The Old Farmer's Almanac - 1968!

I guess my impending 40th birthday has mad me think about my birthdate and year. 1968 is a foriegn time to me. People will tell me that it is cool that I was born in the 60s. As if I might have some shred of memory from it. Trust me, I don't. I can hardly recall what I'd done the day prior. Now you are hoping I can give you some insight to a decade that I existed in for 23 months? Good luck with that!

In March, the Farmer's Calendar reads:

"Herb and his pair of oxen are labouring through the deep wet snow of mid-March, the woodsled with the great sap tank bumping and sliding clumsily around and between and against the rough maples--a tedious, heart-thumping business. On every trunk of the steep sugarbush hang the wooden buckets. Down in the hollow the sap house is wreathed in steam.

Uncle brushes the rotten snow off the flat rock that makes a natural seat under a young maple. Herb has carved his initials and date on it--HG 1911--and I put mine underneath his. Uncle watches quiet;y, smoking his pipe and taking the morning, before going down to the sap house again.

There was nothing special about this morning, one of many that would follow in quiet succession until the sugaring was done. That I was not to see the grove again for fifty years, I did not know. But now, fifty years has passed--almost to the day, to the hour-- since that morning--and I am hear alone. There are no buckets, no sap house, no business to be finished. But here is Uncle's rock, snug against the full-grown maple, and the bark thickened initials that I alone, perhaps, can read.

Fifty years ago I found no wonder in that lovely spring morning, but I do in this. Most of our lives are spent with memories of things to which we may never return-- doors forever locked. But I have returned and time has unlocked this door for me."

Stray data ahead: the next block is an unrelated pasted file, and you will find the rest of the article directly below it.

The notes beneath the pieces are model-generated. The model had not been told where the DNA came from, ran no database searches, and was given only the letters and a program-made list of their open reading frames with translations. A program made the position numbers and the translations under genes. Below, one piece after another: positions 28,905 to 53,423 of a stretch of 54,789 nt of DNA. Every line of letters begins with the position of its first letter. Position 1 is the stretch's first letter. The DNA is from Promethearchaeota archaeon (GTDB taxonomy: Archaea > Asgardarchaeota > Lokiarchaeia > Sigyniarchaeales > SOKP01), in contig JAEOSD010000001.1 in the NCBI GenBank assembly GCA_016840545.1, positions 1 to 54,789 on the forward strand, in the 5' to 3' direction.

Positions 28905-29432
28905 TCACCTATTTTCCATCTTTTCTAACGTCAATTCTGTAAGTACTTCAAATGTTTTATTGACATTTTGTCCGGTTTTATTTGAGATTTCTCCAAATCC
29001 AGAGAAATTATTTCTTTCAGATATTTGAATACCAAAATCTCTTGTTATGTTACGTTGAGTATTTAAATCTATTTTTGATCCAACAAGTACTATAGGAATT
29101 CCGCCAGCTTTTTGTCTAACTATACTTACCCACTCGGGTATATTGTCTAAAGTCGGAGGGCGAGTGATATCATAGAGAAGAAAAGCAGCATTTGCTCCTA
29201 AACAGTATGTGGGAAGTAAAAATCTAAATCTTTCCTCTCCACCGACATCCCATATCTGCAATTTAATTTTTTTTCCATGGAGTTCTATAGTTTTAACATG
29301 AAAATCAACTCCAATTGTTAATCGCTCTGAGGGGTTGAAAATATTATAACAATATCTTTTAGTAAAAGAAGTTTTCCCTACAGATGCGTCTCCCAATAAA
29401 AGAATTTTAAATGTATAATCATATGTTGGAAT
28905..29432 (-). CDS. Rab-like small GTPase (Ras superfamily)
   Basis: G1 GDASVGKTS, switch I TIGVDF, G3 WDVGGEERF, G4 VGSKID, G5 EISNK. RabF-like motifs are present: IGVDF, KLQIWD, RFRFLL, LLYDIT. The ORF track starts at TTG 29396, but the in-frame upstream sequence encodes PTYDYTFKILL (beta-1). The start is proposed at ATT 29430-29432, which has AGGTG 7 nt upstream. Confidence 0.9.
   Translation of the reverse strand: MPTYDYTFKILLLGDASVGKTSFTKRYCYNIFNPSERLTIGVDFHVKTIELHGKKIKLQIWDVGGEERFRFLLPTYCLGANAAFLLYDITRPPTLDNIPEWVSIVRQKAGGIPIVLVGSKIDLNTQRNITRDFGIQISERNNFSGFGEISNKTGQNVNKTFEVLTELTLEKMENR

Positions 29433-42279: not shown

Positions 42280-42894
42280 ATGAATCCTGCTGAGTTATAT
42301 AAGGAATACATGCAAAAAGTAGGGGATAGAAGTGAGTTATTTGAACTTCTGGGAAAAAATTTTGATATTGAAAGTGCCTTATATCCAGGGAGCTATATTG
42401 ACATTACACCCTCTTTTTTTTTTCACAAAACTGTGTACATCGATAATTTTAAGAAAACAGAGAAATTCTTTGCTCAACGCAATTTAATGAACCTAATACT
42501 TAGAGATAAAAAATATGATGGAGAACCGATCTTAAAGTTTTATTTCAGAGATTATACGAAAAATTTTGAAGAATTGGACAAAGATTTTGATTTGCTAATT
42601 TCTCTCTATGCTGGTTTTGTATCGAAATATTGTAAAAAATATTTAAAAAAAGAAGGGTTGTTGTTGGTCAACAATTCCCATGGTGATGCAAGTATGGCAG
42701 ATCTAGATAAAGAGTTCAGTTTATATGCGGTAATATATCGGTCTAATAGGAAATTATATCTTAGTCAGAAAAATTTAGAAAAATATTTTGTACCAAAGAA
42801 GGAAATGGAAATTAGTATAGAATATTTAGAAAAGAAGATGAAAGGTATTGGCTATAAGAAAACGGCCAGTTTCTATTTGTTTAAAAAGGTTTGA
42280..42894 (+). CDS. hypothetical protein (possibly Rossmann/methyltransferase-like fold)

My grandarents had an Old Farmer's Almanac every year when I was up there to see them. They weren't serious farmers, but Pop-pop had a big garden that ate up a large side lot off the backyard. We grew tomatoes, lettuce, potatoes, caulifower, broccoli, rhubarb, herbs, etc. We had shicken wire all around and old work gloves posted on the sticks stuck into the ground to hold up the fencing. The gloves were to keep the deer out. I'm not sure that they worked. Certainly they did not keep the rabbits out.

Still, it was like a farm in that every morning we would go out and work together in the garden. He also let me drive the riding mower on his lap. Do I remember it? Not very well at all. But I do remember the way I felt spending time with my beloved grandfather.

It is funny, the doors that time unlocks, whether it is in returning to an old site that meant something (even if it didn't seem so at the time) or just opening old, dusty memories...


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